Most internet users never try a new web browser, instead relying on the default software that came with their OS. But by using different browsers in different situations you’ll be able to get more done in less time and experience the web in a new way.

For example, some browsers excel in areas such as standards compliance, which is ideal if you’re developing a site. Or if you’re into social networking, there are browsers built around that.

Some are more specific – there’s a browser for anonymous web access and one that specialises in data manipulation. When you’re clued up about the pros and cons of different browsers, picking which to use in a given situation becomes a necessary skill.

Flock

Built around the same Gecko engine as Firefox, the web browser Flock is as extensible and speedy as its open source cousin.

Despite familiar foundations, Flock looks quite different from Firefox. In addition to the usual browser navigation icons, there’s a series of sidebar buttons.

That’s the first clue to Flock’s unique selling point – it integrates with popular sites such as YouTube, Flickr, Facebook, LiveJournal and many others to give you access to all their features without having to visit them directly.

Want to check out which of your friends are online at Facebook? Logging in to the ‘People’ bar will help you keep track of them. Need to post an entry on LiveJournal?

Open the built-in blog editor and post an update from the browser. You can even upload photos directly to many of your selected sites. In that respect, Flock is designed with social web users in mind.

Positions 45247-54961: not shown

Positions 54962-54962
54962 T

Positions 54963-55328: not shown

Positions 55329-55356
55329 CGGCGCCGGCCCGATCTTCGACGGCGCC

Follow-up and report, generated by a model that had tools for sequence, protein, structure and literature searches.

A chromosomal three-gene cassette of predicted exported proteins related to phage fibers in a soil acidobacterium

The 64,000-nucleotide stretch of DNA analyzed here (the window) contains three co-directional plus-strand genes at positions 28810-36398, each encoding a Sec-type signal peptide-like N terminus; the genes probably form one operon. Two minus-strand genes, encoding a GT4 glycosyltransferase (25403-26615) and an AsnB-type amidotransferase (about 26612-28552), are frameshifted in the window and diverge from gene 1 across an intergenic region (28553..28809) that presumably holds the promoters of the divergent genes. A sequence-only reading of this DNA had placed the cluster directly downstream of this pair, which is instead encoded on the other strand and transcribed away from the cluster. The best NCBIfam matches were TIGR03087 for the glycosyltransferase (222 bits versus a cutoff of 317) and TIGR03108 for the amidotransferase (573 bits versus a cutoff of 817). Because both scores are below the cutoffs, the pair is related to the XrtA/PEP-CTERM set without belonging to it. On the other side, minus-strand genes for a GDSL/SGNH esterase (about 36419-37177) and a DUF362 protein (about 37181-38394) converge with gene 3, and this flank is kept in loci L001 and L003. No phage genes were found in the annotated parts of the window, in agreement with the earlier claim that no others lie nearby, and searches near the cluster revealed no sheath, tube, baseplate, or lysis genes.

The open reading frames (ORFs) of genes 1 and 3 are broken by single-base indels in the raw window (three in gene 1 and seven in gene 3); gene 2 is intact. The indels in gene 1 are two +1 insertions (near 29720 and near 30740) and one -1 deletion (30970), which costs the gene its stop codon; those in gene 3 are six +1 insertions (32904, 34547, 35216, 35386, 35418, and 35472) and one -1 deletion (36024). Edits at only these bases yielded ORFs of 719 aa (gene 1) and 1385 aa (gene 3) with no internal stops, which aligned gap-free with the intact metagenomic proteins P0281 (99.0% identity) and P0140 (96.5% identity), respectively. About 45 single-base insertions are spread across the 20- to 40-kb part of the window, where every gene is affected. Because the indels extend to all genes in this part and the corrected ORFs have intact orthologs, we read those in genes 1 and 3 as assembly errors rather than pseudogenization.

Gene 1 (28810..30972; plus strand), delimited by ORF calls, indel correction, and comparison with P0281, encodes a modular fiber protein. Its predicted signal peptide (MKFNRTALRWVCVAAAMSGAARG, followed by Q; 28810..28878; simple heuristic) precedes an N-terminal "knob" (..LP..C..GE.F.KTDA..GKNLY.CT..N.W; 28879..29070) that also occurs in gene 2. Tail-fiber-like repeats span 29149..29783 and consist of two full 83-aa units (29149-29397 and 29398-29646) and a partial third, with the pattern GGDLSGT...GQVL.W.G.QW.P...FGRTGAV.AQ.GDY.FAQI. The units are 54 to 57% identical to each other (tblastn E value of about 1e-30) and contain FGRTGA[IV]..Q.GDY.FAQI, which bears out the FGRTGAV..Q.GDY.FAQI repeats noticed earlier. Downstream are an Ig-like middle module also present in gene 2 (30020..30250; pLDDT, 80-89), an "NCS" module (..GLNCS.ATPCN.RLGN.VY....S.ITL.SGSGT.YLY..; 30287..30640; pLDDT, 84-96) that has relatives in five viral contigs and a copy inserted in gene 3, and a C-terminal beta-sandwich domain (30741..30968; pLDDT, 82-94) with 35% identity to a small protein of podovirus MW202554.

Best for: bloggers & users of social networking sites

K-Meleon

K-Meleon is also based on the Gecko engine, but is lighter and more tightly integrated with Windows than other Gecko-based apps.

Its interface is built on the Windows API rather than Firefox’s bespoke system, so its resemblance to early iterations of IE is understandable. It may not be the best-looking browser, but it is one of the fastest.

In contrast to Flock, K-Meleon does browsing and nothing else. There are no additional features to slow down your browsing experience, though essentials such as tabbed browsing, pop-up blocking and themes are included.

For people who want to get things done fast, K-Meleon’s best feature is macro support. Create your own common command sequences to speed up browsing or download them from the browser’s site.

Best for: Windows users who want to get things done fast

Maxthon

Maxthon is all about usability.

Built around IE’s rendering engine, it boasts a customisable interface and a host of bolt-on features. It’s an ideal substitute client for IE fans who want Firefox-style extensibility.

Fully skinnable, with pop-up blocking features that even remove banners and floating ads, one of Maxthon’s best features is web service integration.

You can add your own, but the package comes with Whois services and a list of anonymous web proxies for stealth browsing as default.

There’s also one of our favourite features from Safari – the ability to group pages together and give them a single bookmark.

Best for: IE users who want a Firefox-type toolkit

Kirix Strata

The browsers we’ve looked at so far are all good for general use, but there are some that are more specific in their applications.

Kirix Strata, still in beta, is a Gecko-based browser with good standards support. Alongside the usual features you’ll find tools that help you access and manipulate website data, including web tables, RSS feeds and server-side databases.